TFSA 2022: 2 Stocks to Buy With Your $6,000 Limit

TFSA investors can use their new $6,000 limit in 2022 to invest in a big bank stock and an invigorated oil bellwether to earn tax-free income.

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The framers of the Tax-Free Savings Account (TFSA) envision a unique personal savings vehicle that will help Canadians secure their financial futures. However, besides saving and investing, the most incredible benefit from the TFSA is that money inside the account grows tax-free throughout a user’s lifetime.

Users usually hold incoming-producing assets in their TFSAs, not cash. The preferred choices of most are dividend stocks. If you’re looking to maximize your new $6,000 limit in 2022, National Bank of Canada (TSX:NA) and Suncor Energy (TSX:SU)(NYSE:SU) are noteworthy prospects right now.

The bank stock recently announced a 23% dividend increase, while the dividend yield of the oil bellwether is back to the pre-pandemic level. Moreover, there are potential capital gains to would-be investors from price appreciation.

Head start in the fintech ecosystem

Canada’s sixth-largest bank is perhaps the best blue-chip stock you can buy at less than $100 per share. NA’s total return last year was 39.73%, which is better than the TSX’s performance (+21.74%). The current share price is $99.75, while the dividend yield is 3.54%.

National Bank president and CEO Laurent Ferreira said, “The bank delivered outstanding results in fiscal 2021. We generated superior organic growth and an industry-leading return on equity while maintaining strong capital levels and prudent allowances for credit losses.”

In fiscal 2021 (year ended October 31, 2021), the net income of $3.17 billion was 52.52% higher than fiscal 2020. According to management, all business segments delivered excellent performance and contributed to the significant growth in net income.

Financial institutions in Canada, including the big banks, are venturing into the fintech ecosystem. Nascent startups are sprouting, and many are exploring opportunities to collaborate with giant lenders. National Bank has a head start, given its innovative partnership with Flinks, a Montreal-based fintech platform.

On August 25, 2021, the $32.61 billion bank announced a $103 million investment in Flinks, including a $30 million capital for expansion in the United States. According to National Bank and its fintech partner, the investment will allow Flinks to “continue its fast-paced growth and meet the demands of fintechs, asset managers, credit unions and banks.”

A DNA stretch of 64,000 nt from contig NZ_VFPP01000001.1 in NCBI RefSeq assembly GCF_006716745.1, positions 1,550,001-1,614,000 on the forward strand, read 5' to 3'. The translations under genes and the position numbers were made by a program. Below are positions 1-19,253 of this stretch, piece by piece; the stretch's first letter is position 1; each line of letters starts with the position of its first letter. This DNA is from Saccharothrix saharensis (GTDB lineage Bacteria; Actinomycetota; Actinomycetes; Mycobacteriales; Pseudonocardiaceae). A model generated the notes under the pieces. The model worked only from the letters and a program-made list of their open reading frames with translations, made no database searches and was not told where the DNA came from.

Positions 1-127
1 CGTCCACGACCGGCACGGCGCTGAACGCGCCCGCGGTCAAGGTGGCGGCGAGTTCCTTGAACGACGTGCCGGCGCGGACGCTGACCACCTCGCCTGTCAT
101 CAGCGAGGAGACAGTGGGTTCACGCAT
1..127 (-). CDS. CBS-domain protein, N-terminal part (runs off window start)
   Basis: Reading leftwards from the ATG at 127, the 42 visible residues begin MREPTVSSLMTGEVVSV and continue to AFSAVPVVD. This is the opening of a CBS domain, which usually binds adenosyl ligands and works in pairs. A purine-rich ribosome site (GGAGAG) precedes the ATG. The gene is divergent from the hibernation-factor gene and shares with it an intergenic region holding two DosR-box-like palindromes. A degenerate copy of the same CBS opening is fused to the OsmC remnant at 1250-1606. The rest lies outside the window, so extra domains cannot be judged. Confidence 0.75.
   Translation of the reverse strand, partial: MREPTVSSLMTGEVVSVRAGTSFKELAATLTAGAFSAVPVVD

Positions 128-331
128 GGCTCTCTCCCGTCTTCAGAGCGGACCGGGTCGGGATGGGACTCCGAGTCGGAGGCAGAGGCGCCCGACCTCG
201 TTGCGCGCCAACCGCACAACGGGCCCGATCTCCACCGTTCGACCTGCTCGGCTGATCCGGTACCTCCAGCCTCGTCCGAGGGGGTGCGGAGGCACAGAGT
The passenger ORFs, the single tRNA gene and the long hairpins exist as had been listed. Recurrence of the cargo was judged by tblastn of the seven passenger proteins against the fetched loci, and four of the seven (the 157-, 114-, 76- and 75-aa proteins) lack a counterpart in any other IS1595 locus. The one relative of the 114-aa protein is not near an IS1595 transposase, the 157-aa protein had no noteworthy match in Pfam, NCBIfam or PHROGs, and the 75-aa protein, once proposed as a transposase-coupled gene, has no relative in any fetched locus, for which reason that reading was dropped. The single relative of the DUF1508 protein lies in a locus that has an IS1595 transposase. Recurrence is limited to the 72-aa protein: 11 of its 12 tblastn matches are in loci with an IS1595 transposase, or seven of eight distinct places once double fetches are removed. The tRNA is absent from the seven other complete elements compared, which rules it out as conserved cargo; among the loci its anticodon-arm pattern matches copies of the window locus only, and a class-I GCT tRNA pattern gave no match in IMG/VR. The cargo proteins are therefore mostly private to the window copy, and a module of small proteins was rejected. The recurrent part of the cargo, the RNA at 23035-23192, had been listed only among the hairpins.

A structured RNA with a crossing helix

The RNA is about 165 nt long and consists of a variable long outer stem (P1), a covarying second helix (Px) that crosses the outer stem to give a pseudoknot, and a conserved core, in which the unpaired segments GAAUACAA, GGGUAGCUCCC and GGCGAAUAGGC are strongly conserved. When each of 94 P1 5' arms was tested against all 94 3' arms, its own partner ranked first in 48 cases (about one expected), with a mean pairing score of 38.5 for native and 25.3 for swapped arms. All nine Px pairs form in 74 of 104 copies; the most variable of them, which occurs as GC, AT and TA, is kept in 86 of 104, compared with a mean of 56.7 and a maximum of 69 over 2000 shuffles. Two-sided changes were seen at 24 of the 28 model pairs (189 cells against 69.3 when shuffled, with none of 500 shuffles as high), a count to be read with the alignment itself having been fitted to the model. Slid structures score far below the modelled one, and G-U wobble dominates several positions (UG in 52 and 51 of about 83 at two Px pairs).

Value generation

Suncor Energy had a better performance last year than 2020, and the energy stock delivered an overall return of 53.24%. The best news to investors was the 100% increase in dividends due to a bumper Q3 2021. Net earnings during the quarter were $877 million versus the $12 million net loss in Q3 2020.

The cash flow from operating activities reached a whopping $4.71 billion, a 278.96% increase from the prior-year quarter. Besides the dividend increase, Suncor repurchased around 28 million common shares (1.8% of total issued). Management also plans to reduce its debt further to fortify the balance sheet.

Expect Suncor Energy to have greater efficiencies and competitiveness, because it’s now the operator of the Syncrude asset. Its president and CEO Mark Little said the company would focus on high-margin, low-capital projects that deliver significant returns, cash flow, and long-term value generation for shareholders. Suncor trades at $33.58 per share and pays a 4.96% dividend.

Ideal for TFSA investors

National Bank and Suncor Energy are ideal for TFSA investors. They are unlikely to disappoint if you use your $6,000 annual limit to purchase them.  

This article represents the opinion of the writer, who may disagree with the “official” recommendation position of a Motley Fool premium service or advisor. We’re Motley! Questioning an investing thesis — even one of our own — helps us all think critically about investing and make decisions that help us become smarter, happier, and richer, so we sometimes publish articles that may not be in line with recommendations, rankings or other content.

Fool contributor Christopher Liew has no position in any of the stocks mentioned. The Motley Fool has no position in any of the stocks mentioned.

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